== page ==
By now, you’ve probably seen Star Wars: The Force Awakens (some of you more than once), and if not, be warned that we’re about to head into spoiler territory with new intel from director J.J. Abrams and screenwriter Michael Arndt regarding R2-D2 — specifically, what happens during the penultimate scene in The Force Awakens.

As you’ll recall (or if you don’t care about spoilers and you’re still reading this), it’s explained that R2-D2 entered low power after Kylo Ren betrayed Luke and went to the dark side, leading to Luke’s self-imposed exile in an unknown corner of the galaxy. BB-8 has a piece of the map that will lead General Leia Organa and the resistance to Luke, and it’s speculated that R2 might hold the rest of it — since it’s likely that he accessed the Empire’s data banks. (How the Empire acquired this information is unclear, as it would make more sense that Luke trusted R2-D2 with his location.)

BB-8 tries and fails to wake R2-D2, and it’s only after our heroes have suffered great injury and loss that our old droid friend magically wakes up and presents them with the rest of the map. Convenient, right? As Abrams and Arndt explain to EW, they are keenly aware that this is one hell of a coincidence, but they had their reasons:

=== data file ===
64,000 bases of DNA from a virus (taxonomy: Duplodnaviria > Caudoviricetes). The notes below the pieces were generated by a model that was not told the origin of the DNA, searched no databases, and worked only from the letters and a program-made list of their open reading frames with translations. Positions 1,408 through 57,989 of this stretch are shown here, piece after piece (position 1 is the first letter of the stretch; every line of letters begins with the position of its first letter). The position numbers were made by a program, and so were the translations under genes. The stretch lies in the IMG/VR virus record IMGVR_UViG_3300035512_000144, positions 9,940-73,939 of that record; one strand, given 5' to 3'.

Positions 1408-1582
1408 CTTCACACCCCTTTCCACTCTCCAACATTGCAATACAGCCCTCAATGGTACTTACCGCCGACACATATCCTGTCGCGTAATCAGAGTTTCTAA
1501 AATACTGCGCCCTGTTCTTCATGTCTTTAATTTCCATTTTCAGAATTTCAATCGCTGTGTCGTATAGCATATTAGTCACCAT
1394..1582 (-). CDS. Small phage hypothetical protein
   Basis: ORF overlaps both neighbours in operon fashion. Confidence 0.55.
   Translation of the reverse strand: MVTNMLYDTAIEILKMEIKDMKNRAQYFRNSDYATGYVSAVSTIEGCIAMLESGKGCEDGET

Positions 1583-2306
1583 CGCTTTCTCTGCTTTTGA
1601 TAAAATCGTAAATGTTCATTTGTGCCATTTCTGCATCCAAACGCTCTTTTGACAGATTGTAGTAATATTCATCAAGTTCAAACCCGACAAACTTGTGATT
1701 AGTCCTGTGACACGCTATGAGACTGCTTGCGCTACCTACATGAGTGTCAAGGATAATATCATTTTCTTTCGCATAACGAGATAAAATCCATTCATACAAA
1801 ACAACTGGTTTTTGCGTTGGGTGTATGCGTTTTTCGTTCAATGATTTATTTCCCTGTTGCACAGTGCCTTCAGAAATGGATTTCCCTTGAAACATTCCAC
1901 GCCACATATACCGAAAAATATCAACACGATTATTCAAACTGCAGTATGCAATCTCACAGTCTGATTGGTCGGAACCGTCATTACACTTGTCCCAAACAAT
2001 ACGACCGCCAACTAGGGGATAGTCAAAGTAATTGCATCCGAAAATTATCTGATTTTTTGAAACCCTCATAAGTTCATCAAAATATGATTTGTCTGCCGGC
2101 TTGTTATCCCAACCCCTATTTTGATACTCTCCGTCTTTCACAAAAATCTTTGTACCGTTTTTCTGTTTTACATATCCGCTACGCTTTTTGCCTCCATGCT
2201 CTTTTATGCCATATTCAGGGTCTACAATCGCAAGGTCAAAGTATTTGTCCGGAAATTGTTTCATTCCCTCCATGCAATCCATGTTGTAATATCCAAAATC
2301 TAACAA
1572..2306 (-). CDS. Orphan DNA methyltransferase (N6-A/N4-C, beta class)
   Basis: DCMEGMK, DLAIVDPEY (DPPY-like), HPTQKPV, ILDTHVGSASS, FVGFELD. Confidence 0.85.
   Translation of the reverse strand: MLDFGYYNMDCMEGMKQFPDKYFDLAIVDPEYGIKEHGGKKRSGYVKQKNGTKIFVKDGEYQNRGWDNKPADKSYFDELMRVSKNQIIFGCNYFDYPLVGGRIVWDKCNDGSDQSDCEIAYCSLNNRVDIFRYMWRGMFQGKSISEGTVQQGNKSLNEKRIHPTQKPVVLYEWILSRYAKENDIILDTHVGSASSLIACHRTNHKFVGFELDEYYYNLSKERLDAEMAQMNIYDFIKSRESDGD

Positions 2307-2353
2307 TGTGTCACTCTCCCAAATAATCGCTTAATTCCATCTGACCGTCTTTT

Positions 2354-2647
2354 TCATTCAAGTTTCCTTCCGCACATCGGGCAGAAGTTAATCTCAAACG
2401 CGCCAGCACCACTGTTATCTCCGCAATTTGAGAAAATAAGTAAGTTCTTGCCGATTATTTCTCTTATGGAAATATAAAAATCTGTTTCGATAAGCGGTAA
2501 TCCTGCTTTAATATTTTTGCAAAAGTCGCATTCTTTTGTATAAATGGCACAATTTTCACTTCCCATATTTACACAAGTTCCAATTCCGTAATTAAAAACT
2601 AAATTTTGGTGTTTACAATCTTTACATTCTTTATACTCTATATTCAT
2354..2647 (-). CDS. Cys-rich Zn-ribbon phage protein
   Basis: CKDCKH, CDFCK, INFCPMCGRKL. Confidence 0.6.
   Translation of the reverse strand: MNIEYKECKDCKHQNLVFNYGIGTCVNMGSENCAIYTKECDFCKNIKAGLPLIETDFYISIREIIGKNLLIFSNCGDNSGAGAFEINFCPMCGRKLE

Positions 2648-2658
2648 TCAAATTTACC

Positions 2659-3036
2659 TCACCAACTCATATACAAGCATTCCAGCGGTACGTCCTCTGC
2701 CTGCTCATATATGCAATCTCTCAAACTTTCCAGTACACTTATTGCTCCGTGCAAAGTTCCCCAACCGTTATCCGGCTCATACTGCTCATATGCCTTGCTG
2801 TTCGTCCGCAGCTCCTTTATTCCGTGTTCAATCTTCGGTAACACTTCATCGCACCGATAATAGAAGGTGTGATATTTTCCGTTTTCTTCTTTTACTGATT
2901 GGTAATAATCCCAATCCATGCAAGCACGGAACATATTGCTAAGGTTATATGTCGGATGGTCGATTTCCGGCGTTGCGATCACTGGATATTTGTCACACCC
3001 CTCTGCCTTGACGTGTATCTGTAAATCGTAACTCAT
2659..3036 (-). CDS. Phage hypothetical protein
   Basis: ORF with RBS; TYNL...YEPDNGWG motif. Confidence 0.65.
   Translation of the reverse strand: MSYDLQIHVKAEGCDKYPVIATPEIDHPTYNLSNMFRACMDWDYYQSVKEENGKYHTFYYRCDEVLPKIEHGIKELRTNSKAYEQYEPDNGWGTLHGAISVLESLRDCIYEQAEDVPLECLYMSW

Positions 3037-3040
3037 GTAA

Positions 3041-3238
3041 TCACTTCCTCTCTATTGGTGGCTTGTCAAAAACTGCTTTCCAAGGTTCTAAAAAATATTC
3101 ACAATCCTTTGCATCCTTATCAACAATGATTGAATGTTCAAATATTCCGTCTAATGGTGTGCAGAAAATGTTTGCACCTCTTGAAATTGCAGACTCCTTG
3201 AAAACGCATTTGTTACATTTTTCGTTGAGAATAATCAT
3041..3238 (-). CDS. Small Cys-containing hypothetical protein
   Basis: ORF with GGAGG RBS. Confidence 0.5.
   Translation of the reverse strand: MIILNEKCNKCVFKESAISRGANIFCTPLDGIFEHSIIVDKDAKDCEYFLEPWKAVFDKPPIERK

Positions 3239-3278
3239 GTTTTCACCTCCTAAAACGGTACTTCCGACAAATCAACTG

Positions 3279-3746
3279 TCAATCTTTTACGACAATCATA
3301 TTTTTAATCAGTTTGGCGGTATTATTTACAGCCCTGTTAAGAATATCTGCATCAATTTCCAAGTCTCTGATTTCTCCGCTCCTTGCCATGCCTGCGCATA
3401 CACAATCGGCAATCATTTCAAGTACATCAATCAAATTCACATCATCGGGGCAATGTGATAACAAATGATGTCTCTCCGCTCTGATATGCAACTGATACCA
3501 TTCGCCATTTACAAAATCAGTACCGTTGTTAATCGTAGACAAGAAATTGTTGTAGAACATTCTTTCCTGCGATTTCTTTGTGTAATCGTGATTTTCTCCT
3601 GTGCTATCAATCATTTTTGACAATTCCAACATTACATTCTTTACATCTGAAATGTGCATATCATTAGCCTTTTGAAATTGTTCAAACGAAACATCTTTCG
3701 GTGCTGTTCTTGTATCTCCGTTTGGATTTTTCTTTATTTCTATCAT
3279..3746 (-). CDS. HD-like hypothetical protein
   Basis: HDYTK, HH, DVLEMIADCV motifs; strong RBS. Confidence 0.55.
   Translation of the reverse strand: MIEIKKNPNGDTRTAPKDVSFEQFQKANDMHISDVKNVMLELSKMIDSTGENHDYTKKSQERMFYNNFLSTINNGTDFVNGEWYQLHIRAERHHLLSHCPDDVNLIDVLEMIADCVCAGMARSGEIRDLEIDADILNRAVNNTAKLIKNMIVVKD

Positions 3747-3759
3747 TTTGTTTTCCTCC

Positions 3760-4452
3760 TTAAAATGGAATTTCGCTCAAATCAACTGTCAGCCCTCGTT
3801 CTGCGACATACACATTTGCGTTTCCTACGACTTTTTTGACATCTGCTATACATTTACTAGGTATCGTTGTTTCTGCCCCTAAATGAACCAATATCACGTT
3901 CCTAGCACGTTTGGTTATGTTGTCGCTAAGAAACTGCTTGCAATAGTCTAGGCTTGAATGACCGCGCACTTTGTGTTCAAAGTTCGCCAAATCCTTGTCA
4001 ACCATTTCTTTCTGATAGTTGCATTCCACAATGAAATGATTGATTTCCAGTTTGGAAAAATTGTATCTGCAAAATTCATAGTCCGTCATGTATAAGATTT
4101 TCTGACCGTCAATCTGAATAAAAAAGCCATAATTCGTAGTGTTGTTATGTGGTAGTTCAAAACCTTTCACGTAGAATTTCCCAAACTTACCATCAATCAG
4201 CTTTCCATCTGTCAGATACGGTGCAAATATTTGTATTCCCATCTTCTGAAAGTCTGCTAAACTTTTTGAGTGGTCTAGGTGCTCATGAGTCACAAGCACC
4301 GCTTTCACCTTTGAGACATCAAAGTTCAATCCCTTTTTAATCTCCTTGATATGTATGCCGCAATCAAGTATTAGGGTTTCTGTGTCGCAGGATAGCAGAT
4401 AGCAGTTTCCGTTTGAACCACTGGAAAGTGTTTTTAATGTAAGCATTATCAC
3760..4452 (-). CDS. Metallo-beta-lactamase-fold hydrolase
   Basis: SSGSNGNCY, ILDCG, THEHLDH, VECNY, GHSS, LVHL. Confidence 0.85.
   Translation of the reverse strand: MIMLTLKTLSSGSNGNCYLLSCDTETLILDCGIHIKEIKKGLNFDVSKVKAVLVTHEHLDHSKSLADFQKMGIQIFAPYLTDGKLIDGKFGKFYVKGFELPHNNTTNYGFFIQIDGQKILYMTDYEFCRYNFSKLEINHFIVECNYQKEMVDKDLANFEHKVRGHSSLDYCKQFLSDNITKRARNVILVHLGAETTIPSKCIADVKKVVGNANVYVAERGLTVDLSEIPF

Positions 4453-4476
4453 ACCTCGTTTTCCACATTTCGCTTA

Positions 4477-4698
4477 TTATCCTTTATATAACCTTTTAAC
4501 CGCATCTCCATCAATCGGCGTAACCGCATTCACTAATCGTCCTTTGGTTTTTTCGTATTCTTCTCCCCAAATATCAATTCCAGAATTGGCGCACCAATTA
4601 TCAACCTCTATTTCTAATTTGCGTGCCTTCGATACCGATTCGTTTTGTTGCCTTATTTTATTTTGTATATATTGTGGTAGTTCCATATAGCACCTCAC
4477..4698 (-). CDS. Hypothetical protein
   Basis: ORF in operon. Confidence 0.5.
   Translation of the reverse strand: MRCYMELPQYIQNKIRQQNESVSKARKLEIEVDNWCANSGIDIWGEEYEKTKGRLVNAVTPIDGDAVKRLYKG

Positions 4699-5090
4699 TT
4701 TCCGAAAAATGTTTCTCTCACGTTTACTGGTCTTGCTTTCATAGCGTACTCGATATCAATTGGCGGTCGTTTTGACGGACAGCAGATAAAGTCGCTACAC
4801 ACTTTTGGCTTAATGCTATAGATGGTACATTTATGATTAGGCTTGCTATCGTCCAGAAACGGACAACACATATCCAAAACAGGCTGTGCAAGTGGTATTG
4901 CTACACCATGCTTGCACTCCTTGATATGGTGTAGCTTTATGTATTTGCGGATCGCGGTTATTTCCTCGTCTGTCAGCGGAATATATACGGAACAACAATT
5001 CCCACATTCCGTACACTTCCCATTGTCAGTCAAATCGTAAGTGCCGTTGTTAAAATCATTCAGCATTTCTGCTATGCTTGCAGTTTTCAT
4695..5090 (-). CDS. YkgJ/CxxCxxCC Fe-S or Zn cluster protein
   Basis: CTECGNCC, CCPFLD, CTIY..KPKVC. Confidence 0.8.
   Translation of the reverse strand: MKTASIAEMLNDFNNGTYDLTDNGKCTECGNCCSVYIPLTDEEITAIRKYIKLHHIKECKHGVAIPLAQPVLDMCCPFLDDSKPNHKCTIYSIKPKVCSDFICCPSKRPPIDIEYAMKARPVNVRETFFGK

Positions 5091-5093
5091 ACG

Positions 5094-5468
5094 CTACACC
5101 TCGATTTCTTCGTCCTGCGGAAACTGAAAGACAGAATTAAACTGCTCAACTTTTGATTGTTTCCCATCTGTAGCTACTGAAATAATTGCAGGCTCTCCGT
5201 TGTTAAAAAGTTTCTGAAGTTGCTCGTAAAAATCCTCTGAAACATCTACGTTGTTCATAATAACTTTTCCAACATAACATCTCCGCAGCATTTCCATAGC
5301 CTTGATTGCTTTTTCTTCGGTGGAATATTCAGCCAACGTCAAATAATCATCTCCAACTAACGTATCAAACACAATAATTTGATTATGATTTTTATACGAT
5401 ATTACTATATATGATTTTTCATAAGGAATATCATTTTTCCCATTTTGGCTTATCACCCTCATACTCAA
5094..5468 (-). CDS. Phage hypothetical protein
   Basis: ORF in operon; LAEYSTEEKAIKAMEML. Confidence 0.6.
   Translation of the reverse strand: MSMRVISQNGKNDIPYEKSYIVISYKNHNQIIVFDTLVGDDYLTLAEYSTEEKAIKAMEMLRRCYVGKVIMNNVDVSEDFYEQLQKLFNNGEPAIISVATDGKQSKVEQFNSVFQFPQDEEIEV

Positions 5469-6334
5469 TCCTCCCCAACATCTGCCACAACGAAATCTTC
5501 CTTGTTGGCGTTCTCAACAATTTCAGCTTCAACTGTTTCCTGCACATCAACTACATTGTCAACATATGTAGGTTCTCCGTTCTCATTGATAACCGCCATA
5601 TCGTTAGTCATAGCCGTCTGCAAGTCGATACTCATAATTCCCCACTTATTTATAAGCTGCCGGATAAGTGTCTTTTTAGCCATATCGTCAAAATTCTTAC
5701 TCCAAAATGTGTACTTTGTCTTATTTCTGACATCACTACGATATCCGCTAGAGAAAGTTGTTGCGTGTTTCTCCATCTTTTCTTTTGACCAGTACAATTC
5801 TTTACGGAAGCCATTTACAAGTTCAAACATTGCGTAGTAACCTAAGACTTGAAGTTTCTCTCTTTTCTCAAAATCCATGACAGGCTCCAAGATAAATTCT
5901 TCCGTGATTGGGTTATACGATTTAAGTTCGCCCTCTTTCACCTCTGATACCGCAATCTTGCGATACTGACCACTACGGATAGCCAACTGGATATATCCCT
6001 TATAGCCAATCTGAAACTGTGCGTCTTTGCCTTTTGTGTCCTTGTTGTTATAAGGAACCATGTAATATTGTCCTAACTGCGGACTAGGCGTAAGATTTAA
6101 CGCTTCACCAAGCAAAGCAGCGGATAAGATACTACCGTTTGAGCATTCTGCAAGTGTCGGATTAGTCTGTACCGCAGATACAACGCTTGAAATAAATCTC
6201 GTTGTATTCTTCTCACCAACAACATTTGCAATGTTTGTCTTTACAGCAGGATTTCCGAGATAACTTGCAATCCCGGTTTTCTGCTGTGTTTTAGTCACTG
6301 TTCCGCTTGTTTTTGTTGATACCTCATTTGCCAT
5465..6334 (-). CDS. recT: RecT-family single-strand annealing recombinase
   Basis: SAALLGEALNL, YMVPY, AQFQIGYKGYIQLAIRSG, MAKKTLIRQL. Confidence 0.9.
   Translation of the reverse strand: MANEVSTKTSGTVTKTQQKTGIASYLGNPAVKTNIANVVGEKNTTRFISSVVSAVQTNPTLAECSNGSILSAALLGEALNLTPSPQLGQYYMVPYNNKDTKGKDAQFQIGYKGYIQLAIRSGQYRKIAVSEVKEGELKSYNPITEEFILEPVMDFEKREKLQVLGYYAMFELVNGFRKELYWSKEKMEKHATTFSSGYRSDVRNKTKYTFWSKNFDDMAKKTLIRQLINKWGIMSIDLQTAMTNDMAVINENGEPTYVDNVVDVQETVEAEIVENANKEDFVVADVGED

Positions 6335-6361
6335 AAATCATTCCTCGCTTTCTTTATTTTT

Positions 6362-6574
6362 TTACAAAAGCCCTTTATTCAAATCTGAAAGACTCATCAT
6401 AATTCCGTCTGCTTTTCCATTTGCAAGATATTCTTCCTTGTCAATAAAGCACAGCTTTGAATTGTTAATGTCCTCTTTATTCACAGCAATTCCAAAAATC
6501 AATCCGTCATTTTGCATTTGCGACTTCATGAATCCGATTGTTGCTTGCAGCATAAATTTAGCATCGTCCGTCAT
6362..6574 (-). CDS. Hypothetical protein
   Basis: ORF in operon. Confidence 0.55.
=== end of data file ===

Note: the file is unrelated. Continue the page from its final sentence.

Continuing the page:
Arndt:  “We had the idea about R2 plugging into the information base of the Death Star, and that’s how he was able to get the full map and find where the Jedi temples are.”

Abrams: “But the idea was that in that scene where R2 plugged in, he downloaded the archives of the Empire, which was referenced by Kylo Ren, “BB-8 comes up and says something to him, which is basically, ‘I’ve got this piece of a map, do you happen to have the rest?’”

Abrams: “The idea was, R2 who has been all over the galaxy, is still in his coma, but he hears this. And it triggers something that would ultimately wake him up.”

Abrams: “While it may seem, you know, completely lucky and an easy way out, at that point in the movie, when you’ve lost a person, desperately, and somebody you hopefully care about is unconscious, you want someone to return.”

It makes sense in an almost mystical, inexplicable sense. Watching this scene, you definitely get some classic Disney princess vibes — the same way that the magic prince conveniently arrives in the darkest hour to deliver true love’s kiss and break some mortal enchantment, so does R2-D2 wake up when he’s most needed, seemingly sensing the pain and desperation of others.

Does that explanation make the scene work any better? Not entirely. It does feel a little rushed and a little too neat, but at least we now know the reasoning behind it, in case you were wondering.

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